It would probably be cheaper to just have all buses that travel between effected stations as free during times of major delays and having limited shuttles than trying to scrabble lots of shuttles

by kk on Aug 30, 2013 12:06 pm • linkreport

@ Andrew Schmadel

The reason its quicker is due to lack of stations there are 5 Stations between Union Station and Silver Spring compared what you have on the other side of the Red Line; if both had the same amount of stops it would also be slow on the eastern side.

by kk on Aug 30, 2013 12:11 pm • linkreport

I suspect the nationwide drop in driving has a lot to do with the economy. Used cars aren't as cheap as they once were and cars are increasingly less practical to self-maintain/repair (and DC has lost a number of its garages--the one I used in the 90s now has condos on its site. Gas has remained relatively expensive. the average car price has risen but people keep cars longer and its probably a relatively well off part of the economy that is buying. Using statewide unemployment is probably a poor indicator even though the metric is statewide---journey to work, changes in wage levels, and local variations in living costs could easily be more important.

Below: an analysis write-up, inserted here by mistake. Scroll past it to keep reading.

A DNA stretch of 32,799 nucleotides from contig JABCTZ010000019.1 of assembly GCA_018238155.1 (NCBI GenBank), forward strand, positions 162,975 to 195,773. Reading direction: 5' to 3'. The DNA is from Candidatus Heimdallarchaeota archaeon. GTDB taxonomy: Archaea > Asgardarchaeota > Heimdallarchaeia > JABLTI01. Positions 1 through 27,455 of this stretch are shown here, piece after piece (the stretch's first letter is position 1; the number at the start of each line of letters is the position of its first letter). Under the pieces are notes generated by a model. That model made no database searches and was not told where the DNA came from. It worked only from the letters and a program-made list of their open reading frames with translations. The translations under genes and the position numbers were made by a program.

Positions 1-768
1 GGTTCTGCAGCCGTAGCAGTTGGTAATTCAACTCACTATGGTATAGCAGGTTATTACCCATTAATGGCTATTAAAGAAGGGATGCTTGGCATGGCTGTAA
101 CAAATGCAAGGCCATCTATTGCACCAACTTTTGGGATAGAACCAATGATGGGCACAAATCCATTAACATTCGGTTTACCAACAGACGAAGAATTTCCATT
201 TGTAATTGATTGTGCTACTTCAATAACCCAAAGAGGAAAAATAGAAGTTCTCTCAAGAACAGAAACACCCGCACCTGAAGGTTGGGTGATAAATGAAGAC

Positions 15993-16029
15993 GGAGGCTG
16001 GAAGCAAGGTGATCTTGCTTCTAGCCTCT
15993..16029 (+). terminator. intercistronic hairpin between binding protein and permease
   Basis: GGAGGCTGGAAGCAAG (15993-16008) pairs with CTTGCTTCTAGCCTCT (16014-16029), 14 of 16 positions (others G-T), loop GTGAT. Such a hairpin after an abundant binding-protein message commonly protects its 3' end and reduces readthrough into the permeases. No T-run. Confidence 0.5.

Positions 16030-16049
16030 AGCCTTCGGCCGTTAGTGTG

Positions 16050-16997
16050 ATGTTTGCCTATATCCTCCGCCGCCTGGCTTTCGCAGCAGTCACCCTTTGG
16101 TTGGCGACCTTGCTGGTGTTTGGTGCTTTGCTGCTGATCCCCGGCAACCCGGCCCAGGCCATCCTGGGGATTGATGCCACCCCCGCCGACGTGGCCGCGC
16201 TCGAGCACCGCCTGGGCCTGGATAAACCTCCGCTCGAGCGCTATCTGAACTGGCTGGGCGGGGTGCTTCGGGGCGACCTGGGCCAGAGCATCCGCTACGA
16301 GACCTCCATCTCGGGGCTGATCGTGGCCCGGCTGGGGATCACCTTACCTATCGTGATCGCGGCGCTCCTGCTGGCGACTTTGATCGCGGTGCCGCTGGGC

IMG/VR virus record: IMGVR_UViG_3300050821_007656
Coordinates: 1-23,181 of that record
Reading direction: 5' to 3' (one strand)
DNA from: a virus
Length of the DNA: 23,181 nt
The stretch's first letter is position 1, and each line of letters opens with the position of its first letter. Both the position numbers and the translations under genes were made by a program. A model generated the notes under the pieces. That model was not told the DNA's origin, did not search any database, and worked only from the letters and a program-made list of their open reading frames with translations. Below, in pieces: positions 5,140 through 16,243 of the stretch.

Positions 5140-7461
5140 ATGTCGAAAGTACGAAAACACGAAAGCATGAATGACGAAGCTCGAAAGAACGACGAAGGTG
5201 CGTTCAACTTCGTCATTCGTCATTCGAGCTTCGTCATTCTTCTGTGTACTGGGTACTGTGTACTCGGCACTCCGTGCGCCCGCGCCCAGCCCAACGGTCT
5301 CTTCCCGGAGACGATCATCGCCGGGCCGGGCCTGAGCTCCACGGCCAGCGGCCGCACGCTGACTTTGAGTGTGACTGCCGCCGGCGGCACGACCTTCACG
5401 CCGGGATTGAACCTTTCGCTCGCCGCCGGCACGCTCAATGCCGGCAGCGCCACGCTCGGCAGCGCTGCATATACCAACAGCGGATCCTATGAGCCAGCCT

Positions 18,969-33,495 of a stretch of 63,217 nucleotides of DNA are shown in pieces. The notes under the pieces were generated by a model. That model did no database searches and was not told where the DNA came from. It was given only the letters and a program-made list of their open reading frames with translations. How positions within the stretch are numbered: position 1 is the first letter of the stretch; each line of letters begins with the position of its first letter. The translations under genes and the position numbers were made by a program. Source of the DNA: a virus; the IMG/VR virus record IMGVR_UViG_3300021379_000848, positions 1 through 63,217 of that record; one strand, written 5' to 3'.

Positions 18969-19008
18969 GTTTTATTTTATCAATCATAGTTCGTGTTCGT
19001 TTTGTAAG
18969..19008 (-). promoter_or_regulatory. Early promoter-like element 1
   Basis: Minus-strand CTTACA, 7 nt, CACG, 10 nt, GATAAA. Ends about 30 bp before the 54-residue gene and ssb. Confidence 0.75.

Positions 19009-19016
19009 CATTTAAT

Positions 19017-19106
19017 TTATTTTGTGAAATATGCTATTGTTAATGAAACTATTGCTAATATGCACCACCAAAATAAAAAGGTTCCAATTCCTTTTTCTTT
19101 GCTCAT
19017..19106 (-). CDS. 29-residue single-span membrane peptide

In DC, a decline in driving may have to do with the cost of living and the continuous rise in the cost of housing.

by Rich on Aug 30, 2013 5:43 pm • linkreport

@Rich,

I suspect the nationwide drop in driving has a lot to do with the economy.

From the linked piece:

"The study finds no correlation between weak economic performance and a decline in driving. Instead, it states, 'Among the 23 states in which driving miles per person declined faster than the national average, only six saw unemployment increase faster than the nation as a whole.'"

by oboe on Aug 30, 2013 8:25 pm • linkreport